I found myself deposited on the 4th floor of the airport, I explained my idiotic situation to the smiling assistant, she glanced at her watch, her smile disappeared, she gabbled something into a walkie-talkie and directed me to the security area where I was met by a tiny Japanese man who glanced at me with disdain, the audacity of idiotic American women! He rushed me through security and we began to run through the terminal, I caught a glance of the time and realized I had 20 minutes left to make my flight. After an eternity, we were both gasping and struggling to push our way through a line of pre-pubescent Japanese women in matching tracksuits. We finally burst through the pimply estrogen line and I found my ticket and passport being wrenched from my hand as they pushed me onto the boarding walkway and I hustled aboard the plane.

I suppose if you were to affix a moral to this story it would run along the lines of; don’t be an idiot, learn to read or, even though many Asians look alike and sound alike to my American ears, all Asians are not in fact the same.

Ethnocentric karma is a bitch

Monday, April 4, 2011


I realize I have been a miserable blogger for the last few weeks and I just wanted to apologize, I promise I'll do better from now on. With that being said, I've been away working on a new website that I'm showing to my kids today. I realized that my adorable little students don't speak very well but they read and write admirably well SO I created this website/blog space with the hopes that they will actually open up and write about some of their experiences! Anyway, it's here:

I've never created a website before so it should be pretty exciting continuing to figure this out!


Monday, March 21, 2011

It's Basic Science Teacher!

I couldn't get the sound to work in my first class of the day, and it's the first class of the week. I seriously wanted to punch someone, however, my coolheadedness prevailed and I merely crossed my eyes and stuck my tongue out at my class while the sound of a creepy robotic man's voice talked about vietnamese food in the background. One of my students stood up and walked towards the computer stand, he glanced at the computer desk giving it a brief once over, then, he kicked the desk! The sound crackled and began blaring out at the appropriate volume. I winced and rushed to quiet the noise while my students laughed hysterically. Then one of them blared from the back of the class, "Teacher, Scienceuh!"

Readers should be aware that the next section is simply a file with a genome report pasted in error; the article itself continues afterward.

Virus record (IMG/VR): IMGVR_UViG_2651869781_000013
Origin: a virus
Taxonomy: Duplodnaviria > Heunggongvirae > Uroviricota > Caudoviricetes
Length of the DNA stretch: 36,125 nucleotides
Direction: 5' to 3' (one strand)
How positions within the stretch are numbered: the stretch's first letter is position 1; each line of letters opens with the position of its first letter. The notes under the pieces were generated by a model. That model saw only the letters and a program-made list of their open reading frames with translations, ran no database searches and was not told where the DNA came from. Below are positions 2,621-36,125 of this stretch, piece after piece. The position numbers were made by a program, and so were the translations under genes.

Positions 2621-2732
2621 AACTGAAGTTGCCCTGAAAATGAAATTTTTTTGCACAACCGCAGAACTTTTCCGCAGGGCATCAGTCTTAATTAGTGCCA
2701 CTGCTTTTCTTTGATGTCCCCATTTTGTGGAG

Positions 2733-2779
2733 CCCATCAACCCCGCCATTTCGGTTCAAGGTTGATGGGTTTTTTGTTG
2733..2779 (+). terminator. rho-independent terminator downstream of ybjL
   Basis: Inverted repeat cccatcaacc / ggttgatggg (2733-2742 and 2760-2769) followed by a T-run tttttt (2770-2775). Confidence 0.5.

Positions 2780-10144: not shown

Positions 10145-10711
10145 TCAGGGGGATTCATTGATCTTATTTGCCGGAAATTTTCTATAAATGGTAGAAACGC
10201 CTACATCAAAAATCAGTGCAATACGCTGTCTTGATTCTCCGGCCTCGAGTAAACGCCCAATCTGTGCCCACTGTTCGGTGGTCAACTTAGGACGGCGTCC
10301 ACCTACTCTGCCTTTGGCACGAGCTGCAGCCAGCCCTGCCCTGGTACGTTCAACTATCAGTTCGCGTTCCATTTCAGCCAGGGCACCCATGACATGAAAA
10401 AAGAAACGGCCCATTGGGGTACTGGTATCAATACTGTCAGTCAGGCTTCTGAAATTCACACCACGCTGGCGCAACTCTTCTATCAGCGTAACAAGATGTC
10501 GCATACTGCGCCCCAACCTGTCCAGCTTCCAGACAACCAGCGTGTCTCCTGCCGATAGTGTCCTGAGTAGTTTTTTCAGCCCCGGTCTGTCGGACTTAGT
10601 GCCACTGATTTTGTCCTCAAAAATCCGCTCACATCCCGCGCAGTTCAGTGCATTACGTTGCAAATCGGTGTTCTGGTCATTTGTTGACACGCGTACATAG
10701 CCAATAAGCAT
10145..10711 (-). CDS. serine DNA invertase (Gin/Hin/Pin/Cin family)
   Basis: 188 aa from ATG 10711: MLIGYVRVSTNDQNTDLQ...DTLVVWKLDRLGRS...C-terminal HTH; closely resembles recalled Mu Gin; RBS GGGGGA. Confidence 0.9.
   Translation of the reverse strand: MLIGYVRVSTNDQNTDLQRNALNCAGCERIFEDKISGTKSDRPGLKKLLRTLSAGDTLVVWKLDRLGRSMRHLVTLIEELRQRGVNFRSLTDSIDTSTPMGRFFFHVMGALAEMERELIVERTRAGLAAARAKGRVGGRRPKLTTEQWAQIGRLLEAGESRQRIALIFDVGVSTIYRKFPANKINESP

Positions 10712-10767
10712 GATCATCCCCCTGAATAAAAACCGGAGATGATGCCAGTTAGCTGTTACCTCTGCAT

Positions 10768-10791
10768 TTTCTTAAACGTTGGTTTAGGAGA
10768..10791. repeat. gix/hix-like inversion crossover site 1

I love my students.



So, like you all know (because I bothered you to make me a video!) my kids and I are talking about superheroes this month. We walked through a worksheet detailing, organizing, and creating the superhero that all my kids wanted to be. At the end of the period I had a couple kids stand up and tell the class about their superhero, one of my smaller boys stood up a little shakily, glanced around the room, took a deep breath, squared his shoulders and began to speak. There was nothing unusual about his superhero, in fact it wasn't really a superhero at all! Instead this boy was describing a normal human being, as he was nearing the end andI was beginning to wonder how this child had gone so dramatically wrong within the confines of my assignment when he concluded his presentation by saying,

My superhero normal is, BUT he can fist when attacked.

He glanced solemnly about him, his friends agreeing with him by solemnly shaking their head and furrowing their brows. I stared around the room before biting back my laughter.

I mean...isn't that just a punch?
Well, whatever I guess!


Sunday, March 20, 2011

Samgye (Sam-gay)

So i've been working on this website for what feels like an absolute eternity and I think that i'm almost finished with it...going to try to start it up the week after next once all my kids are finished making their comics....but here's one of the logo's i've been playing with. Ive been having a hell of a time sizing everything appropriately, my photoshop skills just aren't all that savvy tragically enough. Ah well.